Debtor management

Make sure that there is a formal and documented process to manage collections and payments from debtors in the market. Preparation of up to date management information, including aging analysis and trends shows lenders and investors that there is focus and control on this key aspect of working capital management.

Weekly activity report

Start preparation of a simply weekly activity summary highlighting key aspects of the business operations. This simple one or two page document embodies the habit of recording key events that forms a record for prospective lenders and investors so they can access the company history easily. It should take no more than an hour or so to prepare this report, and very quickly it will become a habit and extremely useful management tool to promote strong internal communication and accountability.

Just like an individual seeking a job, preparation of a strong CV is a key ingredient of success for a business.

Operating the bank account properly

Running “all” business transactions through the bank account provides lenders with a formal body of evidence to assess revenues, costs and trends in the business. Bank statements are given heavy reliance to review day to day operations, and when they show consistent patterns of growth and good working capital management, they give significant confidence to investors and lenders.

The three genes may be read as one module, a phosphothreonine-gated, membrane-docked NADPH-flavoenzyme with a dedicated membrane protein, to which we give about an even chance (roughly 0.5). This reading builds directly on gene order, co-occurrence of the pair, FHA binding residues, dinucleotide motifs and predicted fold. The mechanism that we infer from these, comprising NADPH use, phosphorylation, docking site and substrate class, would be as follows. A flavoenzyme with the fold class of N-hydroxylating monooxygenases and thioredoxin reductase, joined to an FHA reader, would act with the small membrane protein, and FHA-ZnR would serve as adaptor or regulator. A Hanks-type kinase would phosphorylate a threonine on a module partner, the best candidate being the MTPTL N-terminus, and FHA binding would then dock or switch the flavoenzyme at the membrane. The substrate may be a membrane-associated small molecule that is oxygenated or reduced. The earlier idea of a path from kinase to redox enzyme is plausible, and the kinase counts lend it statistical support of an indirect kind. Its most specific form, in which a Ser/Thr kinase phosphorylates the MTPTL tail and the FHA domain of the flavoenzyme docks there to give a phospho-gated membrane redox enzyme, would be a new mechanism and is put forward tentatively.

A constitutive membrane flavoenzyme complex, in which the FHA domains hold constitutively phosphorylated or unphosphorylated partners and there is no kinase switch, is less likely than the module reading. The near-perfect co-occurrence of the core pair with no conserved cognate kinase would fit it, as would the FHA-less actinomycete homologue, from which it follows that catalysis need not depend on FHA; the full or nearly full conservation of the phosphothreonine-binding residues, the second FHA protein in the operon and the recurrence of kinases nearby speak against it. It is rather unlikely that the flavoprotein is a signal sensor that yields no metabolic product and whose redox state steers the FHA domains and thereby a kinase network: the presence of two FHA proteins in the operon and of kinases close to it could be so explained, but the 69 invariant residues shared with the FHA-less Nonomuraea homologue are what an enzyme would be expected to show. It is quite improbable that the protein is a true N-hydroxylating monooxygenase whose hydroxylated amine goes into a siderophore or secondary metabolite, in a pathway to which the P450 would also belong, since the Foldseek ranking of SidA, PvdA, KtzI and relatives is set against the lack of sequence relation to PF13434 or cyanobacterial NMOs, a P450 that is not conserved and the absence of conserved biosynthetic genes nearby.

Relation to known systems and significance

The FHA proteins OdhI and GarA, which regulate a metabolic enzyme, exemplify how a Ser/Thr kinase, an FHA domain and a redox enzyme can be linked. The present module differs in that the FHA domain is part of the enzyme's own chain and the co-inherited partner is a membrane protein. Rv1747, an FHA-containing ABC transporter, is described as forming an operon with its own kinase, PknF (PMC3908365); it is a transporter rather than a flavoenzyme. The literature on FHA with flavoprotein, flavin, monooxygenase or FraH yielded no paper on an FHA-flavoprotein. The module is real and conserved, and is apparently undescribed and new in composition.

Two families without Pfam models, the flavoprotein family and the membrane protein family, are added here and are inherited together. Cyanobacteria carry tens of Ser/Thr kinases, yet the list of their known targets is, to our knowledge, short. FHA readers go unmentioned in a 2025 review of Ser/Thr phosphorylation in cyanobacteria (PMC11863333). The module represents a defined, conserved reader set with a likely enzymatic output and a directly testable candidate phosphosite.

Separate business and commercial

Keep your personal life separated from the business in all respects. In small businesses, everything from phone, car and holidays can be mixed in with the operations. From the start, it demonstrates strong focus and organisation to investors if the business activities are clear and segregated from the personal activities of the owners.

Owner’s reputational risk

Banks and investors not only invest in the business, they also invest in the owners and management team. Assessment is made either formally or informally about the reputational risk of the owners at a personal level. Accordingly, it is vital to ensure that personal bank accounts, legal matters and other similar aspects are in good order as far as possible, and that your networks or previous employers are supportive.

External advice

The presence of external advisors, carefully selected to provide additional skills or expertise that round-out the gaps of the owners is seen as a major positive step by lenders. It shows focus, long-term thinking and transparency to bring on board external support.

Licenses and legal documentation

Make sure that all legal documentation to comply with laws and local regulations is fully up to date and comprehensive. Gaps in this area raise significant business risk and deter investors and lendors.

In conclusion, these practical governance steps will prepare any small business owner to increase the chances of successful engagement with lenders and investors. There is no reason not to start today! Timing, frequency and depth will depend on the exact circumstances in your business and the resources you have available. However, being proactive and taking the time to increase transparency in your business will quickly and demonstrably support your growth, company value and success in the future. Good luck!